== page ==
Yes, the dollar is strong; no, the RBA won't intervene
There’s a subtle difference between the Reserve Bank cutting the cash rate to offset the impact of the strong Australian dollar and the Reserve Bank cutting the cash rate in an attempt to weaken the strong Australian dollar. It’s a subtly that the forex market seems to miss.
RBA assistant governor Guy Debelle talking about cutting the cash rate today is pretty much repeating what the RBA governor and deputy governor told the House of Representatives economics committee on Friday.
Nothing new to see here, move along – but by its flighty nature, the forex market had a little flit anyway, pushing down the dollar by nearly half a US cent. Hey, what screen jockey has the time to read to the bottom of a long Hansard entry? And once the market moves a little, it’s the movement that counts, not the reason for it.
The market is bigger than the RBA – a central bank standing in the face of the market can be trampled.
What the G, the DG and the AG all said is that, yes, they’re a bit surprised that the Australian dollar has stayed as strong as it has and that, yes, it would be nice if it was a bit weaker. But they have specifically ruled out trying to weaken it at this stage because it’s not way-too-far out of kilter.
As Stevens said, to attempt a major intervention against the massive forces of the market, the bank would have to be very confident that the market was seriously wrong.
What wasn’t spelt out on Friday is that the RBA really can’t do much about it. The market is bigger than the RBA – a central bank standing in the face of the market can be trampled. And we can’t just cut interest rates to zero and peg our currency the way the Swiss have done, as Governor Stevens explained in an interview in December.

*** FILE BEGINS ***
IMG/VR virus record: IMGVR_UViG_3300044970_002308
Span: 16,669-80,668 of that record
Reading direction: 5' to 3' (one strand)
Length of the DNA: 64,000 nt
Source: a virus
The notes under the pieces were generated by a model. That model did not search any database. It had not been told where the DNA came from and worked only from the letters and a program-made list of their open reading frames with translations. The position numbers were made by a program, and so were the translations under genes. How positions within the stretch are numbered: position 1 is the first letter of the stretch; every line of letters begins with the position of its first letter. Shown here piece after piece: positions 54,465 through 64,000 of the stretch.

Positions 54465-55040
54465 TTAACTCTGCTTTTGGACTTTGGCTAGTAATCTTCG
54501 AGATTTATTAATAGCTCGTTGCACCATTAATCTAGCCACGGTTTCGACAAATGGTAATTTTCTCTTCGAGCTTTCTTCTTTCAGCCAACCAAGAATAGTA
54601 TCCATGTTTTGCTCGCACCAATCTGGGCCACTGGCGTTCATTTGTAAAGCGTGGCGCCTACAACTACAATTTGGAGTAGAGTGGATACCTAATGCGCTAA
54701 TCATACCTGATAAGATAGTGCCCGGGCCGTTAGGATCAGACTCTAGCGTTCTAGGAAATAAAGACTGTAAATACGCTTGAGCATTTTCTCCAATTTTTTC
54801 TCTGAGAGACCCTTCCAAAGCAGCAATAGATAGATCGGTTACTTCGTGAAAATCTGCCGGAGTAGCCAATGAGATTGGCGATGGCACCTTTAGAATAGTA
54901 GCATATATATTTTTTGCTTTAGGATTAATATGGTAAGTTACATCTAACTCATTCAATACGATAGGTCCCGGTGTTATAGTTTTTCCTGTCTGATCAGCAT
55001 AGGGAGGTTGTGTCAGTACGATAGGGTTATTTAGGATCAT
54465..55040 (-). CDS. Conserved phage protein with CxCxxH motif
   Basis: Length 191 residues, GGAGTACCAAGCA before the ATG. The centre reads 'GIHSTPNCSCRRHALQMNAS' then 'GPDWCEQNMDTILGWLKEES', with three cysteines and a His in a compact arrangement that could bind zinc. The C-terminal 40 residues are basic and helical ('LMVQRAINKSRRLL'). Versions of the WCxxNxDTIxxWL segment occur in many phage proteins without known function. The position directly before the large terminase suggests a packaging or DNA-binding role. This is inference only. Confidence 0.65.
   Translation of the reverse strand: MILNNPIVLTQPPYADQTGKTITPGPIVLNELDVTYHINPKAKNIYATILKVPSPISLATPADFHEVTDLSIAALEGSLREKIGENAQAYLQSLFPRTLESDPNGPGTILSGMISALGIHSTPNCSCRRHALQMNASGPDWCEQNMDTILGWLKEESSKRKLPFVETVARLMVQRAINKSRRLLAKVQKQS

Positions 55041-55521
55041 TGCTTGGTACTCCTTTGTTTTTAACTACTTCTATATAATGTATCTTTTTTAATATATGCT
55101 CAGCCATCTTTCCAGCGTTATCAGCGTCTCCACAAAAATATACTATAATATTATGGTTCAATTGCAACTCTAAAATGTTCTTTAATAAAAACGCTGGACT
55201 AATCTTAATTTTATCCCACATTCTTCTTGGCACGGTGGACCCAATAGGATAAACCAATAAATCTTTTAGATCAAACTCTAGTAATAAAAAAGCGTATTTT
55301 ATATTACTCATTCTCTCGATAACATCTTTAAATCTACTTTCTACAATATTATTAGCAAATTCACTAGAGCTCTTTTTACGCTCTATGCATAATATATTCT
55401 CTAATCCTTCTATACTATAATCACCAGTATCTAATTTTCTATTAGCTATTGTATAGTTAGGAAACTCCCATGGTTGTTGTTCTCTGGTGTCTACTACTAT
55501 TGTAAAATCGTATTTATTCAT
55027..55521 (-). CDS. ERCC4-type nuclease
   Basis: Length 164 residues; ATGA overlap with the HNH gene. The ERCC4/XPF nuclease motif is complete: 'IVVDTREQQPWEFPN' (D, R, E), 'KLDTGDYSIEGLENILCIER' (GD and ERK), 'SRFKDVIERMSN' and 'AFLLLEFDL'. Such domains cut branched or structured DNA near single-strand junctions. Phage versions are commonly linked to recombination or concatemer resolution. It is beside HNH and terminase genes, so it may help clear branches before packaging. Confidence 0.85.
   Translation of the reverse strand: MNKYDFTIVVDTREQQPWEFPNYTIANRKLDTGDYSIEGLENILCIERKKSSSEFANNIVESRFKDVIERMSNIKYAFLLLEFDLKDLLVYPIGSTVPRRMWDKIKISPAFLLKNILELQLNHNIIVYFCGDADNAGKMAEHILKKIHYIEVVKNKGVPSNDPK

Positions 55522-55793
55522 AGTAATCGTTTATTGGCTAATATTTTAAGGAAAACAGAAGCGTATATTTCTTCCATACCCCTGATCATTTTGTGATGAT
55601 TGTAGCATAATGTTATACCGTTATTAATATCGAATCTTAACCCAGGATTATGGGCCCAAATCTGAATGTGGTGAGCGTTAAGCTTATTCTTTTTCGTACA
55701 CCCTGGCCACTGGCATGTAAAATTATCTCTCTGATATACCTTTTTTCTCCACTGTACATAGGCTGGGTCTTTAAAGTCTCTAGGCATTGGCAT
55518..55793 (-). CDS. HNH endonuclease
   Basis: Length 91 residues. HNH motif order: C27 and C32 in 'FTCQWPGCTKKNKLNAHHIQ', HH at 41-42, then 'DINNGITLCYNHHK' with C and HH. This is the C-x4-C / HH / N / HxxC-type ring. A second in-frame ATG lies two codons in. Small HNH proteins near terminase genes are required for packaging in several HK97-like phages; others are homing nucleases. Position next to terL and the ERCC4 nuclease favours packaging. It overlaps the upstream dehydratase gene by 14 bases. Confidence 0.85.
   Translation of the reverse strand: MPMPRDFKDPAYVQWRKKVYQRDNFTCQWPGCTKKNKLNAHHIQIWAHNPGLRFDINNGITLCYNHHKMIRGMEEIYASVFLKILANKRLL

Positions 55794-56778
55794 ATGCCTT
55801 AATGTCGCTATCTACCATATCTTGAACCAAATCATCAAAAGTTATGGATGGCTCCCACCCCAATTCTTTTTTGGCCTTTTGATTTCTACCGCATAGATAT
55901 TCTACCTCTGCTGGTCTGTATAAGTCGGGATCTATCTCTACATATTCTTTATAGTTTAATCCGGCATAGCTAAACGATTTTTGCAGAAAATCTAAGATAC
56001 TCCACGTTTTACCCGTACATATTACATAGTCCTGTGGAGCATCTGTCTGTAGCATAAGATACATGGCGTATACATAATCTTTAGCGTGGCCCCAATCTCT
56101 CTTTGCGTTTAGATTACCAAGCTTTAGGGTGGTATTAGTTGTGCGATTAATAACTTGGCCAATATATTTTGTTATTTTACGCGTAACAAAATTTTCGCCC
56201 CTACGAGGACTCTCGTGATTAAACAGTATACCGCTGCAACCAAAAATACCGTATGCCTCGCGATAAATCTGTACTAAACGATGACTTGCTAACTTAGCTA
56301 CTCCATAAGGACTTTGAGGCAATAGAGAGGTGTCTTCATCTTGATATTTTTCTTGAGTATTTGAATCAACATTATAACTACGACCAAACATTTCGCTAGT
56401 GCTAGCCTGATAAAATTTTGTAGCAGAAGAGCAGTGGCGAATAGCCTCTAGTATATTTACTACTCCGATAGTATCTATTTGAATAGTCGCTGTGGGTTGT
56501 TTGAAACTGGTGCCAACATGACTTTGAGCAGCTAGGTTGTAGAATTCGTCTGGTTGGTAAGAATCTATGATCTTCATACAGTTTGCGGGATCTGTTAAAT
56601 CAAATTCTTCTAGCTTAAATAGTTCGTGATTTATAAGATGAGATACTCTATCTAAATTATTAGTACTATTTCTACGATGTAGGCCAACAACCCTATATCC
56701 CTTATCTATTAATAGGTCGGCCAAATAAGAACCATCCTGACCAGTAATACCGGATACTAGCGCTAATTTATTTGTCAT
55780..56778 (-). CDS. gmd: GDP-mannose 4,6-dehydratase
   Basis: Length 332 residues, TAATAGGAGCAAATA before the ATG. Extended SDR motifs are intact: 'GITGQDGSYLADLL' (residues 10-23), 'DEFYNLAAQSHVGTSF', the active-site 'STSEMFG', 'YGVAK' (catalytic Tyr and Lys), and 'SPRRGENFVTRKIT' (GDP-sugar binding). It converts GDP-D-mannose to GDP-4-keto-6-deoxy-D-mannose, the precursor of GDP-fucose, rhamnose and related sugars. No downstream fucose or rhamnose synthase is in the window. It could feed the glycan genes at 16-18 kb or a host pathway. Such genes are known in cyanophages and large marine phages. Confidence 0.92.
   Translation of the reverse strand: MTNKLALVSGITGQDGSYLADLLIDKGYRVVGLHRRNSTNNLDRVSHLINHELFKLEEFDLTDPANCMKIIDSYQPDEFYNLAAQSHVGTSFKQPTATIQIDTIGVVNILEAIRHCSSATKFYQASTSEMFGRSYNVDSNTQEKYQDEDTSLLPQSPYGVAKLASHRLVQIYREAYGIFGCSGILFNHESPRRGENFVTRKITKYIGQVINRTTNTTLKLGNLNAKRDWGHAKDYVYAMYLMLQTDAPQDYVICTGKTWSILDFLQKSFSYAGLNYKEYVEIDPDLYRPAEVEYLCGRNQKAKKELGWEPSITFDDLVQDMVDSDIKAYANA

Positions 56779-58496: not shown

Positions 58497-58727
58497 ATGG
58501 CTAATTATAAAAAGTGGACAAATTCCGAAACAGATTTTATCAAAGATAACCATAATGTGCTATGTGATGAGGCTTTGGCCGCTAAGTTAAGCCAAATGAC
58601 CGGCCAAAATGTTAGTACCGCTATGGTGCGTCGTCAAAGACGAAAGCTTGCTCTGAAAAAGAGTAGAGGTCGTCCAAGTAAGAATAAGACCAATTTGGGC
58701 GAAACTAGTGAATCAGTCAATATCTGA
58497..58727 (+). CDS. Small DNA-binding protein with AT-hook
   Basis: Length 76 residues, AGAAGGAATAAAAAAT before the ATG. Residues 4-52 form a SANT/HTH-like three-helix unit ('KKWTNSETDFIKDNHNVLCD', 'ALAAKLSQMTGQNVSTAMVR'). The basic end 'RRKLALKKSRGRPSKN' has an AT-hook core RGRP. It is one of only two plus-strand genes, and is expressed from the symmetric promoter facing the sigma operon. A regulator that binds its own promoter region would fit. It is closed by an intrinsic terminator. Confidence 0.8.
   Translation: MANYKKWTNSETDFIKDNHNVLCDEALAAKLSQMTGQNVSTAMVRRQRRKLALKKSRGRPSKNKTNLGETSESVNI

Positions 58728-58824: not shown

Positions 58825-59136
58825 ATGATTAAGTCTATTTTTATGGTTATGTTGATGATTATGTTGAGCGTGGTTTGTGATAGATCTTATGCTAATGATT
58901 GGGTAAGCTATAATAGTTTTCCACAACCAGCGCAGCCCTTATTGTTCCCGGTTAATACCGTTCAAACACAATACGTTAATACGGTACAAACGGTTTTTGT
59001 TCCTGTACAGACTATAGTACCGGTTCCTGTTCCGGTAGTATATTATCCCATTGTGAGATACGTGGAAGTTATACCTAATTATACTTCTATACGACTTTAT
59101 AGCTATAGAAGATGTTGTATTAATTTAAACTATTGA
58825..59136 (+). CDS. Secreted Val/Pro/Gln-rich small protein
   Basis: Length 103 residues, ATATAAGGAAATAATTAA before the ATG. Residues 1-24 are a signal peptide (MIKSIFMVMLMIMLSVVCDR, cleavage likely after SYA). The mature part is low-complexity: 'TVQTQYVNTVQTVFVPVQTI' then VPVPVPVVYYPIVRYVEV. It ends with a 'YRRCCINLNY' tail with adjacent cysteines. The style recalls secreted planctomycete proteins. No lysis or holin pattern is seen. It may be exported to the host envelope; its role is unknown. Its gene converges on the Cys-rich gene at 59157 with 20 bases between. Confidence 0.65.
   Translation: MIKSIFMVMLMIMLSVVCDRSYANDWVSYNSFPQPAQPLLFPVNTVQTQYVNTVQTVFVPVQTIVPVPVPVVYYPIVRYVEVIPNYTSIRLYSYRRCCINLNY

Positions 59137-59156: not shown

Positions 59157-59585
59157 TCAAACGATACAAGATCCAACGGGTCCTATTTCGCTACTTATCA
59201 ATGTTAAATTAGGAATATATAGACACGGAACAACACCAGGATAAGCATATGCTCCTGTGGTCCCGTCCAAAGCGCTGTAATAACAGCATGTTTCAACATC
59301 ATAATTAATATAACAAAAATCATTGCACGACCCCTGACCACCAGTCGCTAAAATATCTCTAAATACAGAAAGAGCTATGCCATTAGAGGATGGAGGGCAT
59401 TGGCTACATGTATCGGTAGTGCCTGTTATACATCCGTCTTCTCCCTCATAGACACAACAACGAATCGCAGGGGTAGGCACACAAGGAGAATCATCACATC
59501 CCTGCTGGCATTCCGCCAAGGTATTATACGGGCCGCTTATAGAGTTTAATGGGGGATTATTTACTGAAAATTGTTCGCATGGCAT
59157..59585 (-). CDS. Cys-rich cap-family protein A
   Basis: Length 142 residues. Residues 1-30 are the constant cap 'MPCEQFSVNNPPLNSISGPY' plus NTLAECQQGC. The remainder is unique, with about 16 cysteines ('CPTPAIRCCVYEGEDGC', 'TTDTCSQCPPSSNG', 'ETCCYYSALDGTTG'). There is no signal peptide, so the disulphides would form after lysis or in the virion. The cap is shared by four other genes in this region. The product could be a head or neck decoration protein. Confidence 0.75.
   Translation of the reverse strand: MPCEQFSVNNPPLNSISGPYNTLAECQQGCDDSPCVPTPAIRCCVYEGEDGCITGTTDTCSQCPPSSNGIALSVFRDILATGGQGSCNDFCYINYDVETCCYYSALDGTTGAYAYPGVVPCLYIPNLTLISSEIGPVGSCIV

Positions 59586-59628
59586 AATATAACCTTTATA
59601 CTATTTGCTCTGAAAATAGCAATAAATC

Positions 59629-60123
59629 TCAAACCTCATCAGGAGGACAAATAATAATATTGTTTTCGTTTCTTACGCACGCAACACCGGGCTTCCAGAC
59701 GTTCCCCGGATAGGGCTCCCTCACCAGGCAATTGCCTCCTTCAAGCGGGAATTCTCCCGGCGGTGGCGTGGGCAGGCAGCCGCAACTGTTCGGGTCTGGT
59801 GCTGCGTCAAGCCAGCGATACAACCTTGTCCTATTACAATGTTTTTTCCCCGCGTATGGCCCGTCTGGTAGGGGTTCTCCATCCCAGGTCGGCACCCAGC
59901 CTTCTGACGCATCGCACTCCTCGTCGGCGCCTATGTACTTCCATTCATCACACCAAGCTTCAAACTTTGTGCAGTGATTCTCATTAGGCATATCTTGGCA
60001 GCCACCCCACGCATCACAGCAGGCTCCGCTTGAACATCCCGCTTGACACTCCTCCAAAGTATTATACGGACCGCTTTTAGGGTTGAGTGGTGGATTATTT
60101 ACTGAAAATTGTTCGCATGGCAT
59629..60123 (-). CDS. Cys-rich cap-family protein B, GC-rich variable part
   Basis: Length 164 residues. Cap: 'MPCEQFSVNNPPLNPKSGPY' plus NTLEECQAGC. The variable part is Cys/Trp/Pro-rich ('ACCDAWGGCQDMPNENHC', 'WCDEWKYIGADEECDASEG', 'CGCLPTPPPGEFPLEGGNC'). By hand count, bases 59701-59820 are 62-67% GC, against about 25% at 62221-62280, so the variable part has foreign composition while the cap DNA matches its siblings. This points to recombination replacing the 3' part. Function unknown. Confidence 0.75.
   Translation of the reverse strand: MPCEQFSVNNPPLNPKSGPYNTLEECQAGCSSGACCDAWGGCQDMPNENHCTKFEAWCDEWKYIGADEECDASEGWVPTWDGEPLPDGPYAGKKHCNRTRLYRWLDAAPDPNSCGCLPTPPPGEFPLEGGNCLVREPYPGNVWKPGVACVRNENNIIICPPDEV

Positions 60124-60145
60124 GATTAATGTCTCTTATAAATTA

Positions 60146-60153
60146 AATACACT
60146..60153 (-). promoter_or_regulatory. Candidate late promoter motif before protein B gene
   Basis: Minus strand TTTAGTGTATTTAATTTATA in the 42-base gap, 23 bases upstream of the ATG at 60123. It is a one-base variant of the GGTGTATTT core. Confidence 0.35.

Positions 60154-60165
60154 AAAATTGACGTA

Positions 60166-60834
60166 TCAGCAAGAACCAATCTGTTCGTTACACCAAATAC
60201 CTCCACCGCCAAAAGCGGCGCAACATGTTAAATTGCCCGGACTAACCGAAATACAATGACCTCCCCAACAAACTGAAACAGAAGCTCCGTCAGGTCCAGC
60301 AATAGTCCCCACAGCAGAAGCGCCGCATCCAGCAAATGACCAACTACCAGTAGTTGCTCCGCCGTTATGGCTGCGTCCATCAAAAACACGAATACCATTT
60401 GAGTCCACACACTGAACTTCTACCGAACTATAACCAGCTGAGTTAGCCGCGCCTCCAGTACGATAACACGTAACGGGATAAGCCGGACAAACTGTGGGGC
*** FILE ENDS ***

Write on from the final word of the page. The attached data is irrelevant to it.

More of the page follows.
What the bank can do is loosen monetary policy to stimulate the economy a bit in an attempt to balance the contractionary effect of the strong dollar. The governor and his deputy were specific about that on Friday. Here’s part of what the DG, Philip Lowe, told the committee:
“I think the big picture here is we are ending up with a policy configuration of a very high exchange rate and low interest rates. The low interest rates are not specifically designed to try to get the exchange rate to come down but they are offsetting the contractionary effects of the high exchange rate on the economy.
“We are ending up with this configuration, because exchange rates are relative prices and the Australian economy is doing relatively better than the North Atlantic economies where there is very large money creation going on and very weak economic conditions. Those outcomes mean that their exchange rates are tending to be low. If they are going to be low, someone else has got to be high, and that is us. We are responding to the contractionary effects of that with low interest rates.
“You could argue we would be better off with some different configuration: a lower exchange rate and higher interest rates - or more normal level of interest rates - but, given the configuration of the global economy, I just do not think that is possible at the moment. The weakness in the North Atlantic and their money creation is leading to their currencies wanting to depreciate, and someone has to be high.”
From the point of view of the moment-to-moment forex market, any mention of an interest rate movement is itself good for a movement, but there’s nothing much fundamentally happening here. Move along.
Michael Pascoe is a BusinessDay contributing editor